Wednesday, June 17, 2009

The Federal Court of Canada and "national security"

Federal Court flexes muscles on security
By: Janice Tibbetts

15/06/2009 1:00 AM | Comments: 0

OTTAWA -- The Conservative government's national security agenda has been set back by a steady losing streak in the Federal Court, a trend that analysts attribute to an emboldened bench that is finding its voice and growing out of a tendency to defer to lawmakers as it did in the early years after 9-11.
In the last two months, the traditionally cautious court has issued stinging decisions ordering the government to repatriate terror suspect Omar Khadr from Guantanamo Bay and bring Canadian Abousfian Abdelrazik home from Sudan.

Judges have also issued three biting critiques of the Canadian Security Intelligence Service, accusing the spy agency of possibly lying to the court about its intelligence information and being complicit in torture of Canadians abroad.

"It's the end of the honeymoon period -- when national security trumped everything," said Michael Byers, a civil libertarian and a political scientist at University of British Columbia. "Judges are now fighting back."

The 38-year-old court, based in Ottawa, toiled away in relative obscurity on federal issues such as immigration, competition law and trademark until it was thrust into the spotlight eight years ago as the adjudicator of the war on terror in the post 9-11-era.

"There was a learning process," said Toronto lawyer Paul Copeland, who once got into trouble with the law society for publicly stating that the court "kisses the government's ass" on national security matters.

Copeland, who has defended non-Canadians detained on government security certificates out of suspicion that they pose national security threats, believes that as the events of 9-11 become more distant, the courts are invoking the Charter of Rights to hold the government to account in justifying its actions.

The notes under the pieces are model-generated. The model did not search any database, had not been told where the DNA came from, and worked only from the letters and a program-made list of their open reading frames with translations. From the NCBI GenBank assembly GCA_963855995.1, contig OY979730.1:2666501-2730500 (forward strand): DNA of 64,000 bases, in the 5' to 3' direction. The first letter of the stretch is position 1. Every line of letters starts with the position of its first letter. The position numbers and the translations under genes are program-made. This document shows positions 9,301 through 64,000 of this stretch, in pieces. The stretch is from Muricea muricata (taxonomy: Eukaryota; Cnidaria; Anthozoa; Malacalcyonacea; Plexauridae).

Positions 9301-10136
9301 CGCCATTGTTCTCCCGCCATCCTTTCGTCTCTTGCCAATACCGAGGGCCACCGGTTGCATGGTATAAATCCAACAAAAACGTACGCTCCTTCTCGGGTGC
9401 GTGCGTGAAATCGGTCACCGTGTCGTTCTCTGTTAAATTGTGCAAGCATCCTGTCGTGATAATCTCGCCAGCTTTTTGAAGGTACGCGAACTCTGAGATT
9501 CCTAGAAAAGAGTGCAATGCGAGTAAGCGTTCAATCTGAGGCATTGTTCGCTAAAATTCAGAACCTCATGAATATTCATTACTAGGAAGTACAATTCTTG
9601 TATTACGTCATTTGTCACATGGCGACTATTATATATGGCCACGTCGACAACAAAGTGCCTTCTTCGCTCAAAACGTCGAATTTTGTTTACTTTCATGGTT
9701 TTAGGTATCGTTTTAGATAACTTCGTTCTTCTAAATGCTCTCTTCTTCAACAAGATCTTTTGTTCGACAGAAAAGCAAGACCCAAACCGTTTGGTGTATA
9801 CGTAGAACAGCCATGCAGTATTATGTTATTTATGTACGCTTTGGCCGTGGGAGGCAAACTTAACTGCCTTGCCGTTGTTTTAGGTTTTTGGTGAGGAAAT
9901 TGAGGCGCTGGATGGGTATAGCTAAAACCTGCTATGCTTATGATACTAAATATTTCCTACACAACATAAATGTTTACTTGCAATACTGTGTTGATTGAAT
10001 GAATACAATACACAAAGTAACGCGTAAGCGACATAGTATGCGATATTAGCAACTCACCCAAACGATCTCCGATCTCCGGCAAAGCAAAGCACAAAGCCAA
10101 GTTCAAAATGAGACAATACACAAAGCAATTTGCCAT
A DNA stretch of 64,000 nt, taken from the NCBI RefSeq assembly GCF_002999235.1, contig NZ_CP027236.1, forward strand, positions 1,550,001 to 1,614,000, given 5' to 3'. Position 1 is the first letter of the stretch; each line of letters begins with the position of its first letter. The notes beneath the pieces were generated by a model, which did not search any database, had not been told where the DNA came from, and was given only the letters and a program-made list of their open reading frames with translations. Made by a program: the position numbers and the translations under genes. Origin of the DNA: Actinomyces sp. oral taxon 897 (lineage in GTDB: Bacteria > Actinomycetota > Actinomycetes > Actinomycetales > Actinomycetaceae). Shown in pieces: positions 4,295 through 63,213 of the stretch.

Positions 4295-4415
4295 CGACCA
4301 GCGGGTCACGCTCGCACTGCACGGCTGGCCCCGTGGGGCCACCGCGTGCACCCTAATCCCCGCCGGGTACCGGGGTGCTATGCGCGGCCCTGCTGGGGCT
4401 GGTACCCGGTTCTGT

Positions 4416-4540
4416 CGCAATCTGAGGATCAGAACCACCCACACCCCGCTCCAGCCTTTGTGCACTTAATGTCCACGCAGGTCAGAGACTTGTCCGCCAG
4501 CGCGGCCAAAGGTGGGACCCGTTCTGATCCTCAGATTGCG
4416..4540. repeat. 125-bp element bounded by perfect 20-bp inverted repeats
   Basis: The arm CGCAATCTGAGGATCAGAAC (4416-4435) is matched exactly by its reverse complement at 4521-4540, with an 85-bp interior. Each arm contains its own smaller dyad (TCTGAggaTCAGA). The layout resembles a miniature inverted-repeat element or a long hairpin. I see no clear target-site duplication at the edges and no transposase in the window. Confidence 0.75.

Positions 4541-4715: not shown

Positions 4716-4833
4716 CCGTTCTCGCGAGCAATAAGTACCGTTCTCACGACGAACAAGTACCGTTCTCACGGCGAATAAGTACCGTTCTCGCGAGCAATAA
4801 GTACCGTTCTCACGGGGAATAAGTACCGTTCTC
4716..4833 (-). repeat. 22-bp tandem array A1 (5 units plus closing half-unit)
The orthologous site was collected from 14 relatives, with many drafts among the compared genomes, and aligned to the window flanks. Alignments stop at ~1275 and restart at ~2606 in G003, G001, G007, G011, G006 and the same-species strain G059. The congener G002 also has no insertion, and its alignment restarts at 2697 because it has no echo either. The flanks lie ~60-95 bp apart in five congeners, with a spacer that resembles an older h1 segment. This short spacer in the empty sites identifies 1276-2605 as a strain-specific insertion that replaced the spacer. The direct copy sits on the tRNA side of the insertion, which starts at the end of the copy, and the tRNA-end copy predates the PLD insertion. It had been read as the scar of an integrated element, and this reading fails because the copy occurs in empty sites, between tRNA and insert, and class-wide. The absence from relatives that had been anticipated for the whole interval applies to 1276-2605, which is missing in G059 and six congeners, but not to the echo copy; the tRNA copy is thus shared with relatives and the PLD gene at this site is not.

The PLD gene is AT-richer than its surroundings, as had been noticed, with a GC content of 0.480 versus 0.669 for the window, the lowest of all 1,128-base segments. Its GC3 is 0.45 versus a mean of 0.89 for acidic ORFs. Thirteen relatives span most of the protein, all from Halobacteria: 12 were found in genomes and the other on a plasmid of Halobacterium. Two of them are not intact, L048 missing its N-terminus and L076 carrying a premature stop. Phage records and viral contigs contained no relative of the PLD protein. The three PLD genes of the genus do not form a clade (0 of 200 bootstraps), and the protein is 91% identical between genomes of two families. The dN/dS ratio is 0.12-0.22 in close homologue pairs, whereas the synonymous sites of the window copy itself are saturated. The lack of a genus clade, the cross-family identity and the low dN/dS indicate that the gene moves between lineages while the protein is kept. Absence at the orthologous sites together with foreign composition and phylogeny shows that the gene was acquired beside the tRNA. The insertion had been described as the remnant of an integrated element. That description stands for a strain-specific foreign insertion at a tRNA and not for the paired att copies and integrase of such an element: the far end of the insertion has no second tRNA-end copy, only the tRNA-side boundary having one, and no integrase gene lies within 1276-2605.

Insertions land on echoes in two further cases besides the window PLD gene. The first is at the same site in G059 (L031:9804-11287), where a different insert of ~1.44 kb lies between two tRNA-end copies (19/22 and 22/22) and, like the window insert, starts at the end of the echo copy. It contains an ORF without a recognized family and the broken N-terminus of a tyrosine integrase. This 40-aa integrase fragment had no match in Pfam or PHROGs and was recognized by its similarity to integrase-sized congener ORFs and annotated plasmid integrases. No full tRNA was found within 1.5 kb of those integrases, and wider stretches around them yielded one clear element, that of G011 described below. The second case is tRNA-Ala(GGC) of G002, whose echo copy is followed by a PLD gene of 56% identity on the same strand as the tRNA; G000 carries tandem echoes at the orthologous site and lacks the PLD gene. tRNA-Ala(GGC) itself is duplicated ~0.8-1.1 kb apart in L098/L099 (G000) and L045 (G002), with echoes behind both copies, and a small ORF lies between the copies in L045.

"I think there has been a shift," he said, noting that the same court, several years ago, upheld the federal security certificate regime, which permits the government to hold non-Canadians indefinitely without charge. The Supreme Court of Canada later struck down part of the federal power.

The court's scathing ruling on Abdelrazik, which lambasted Foreign Minister Lawrence Cannon for being "nonsensical" in turning his back on the stranded Canadian, who has spent time in and out of detention in Sudan, was written by Justice Russel Zinn, one of only two Federal Court judges appointed by the Harper government. Zinn, in his June 4 ruling, ordered the government to bring Abdelrazik home to Montreal within 30 days.

Abdelrazik was arrested while visiting his mother in Sudan in 2003 and for the last year has been living at the Canadian Embassy in Khartoum. His passport has expired.

The RCMP and CSIS, Canada's spy agency, say they have no information linking him to criminal activity.

"What we're seeing emerge is the power of the charter when it comes to testing Canadian civil rights protections," said Wark.

"What's new in the post-9-11 period is that the charter is being tested in a national security context."

-- Canwest News Service

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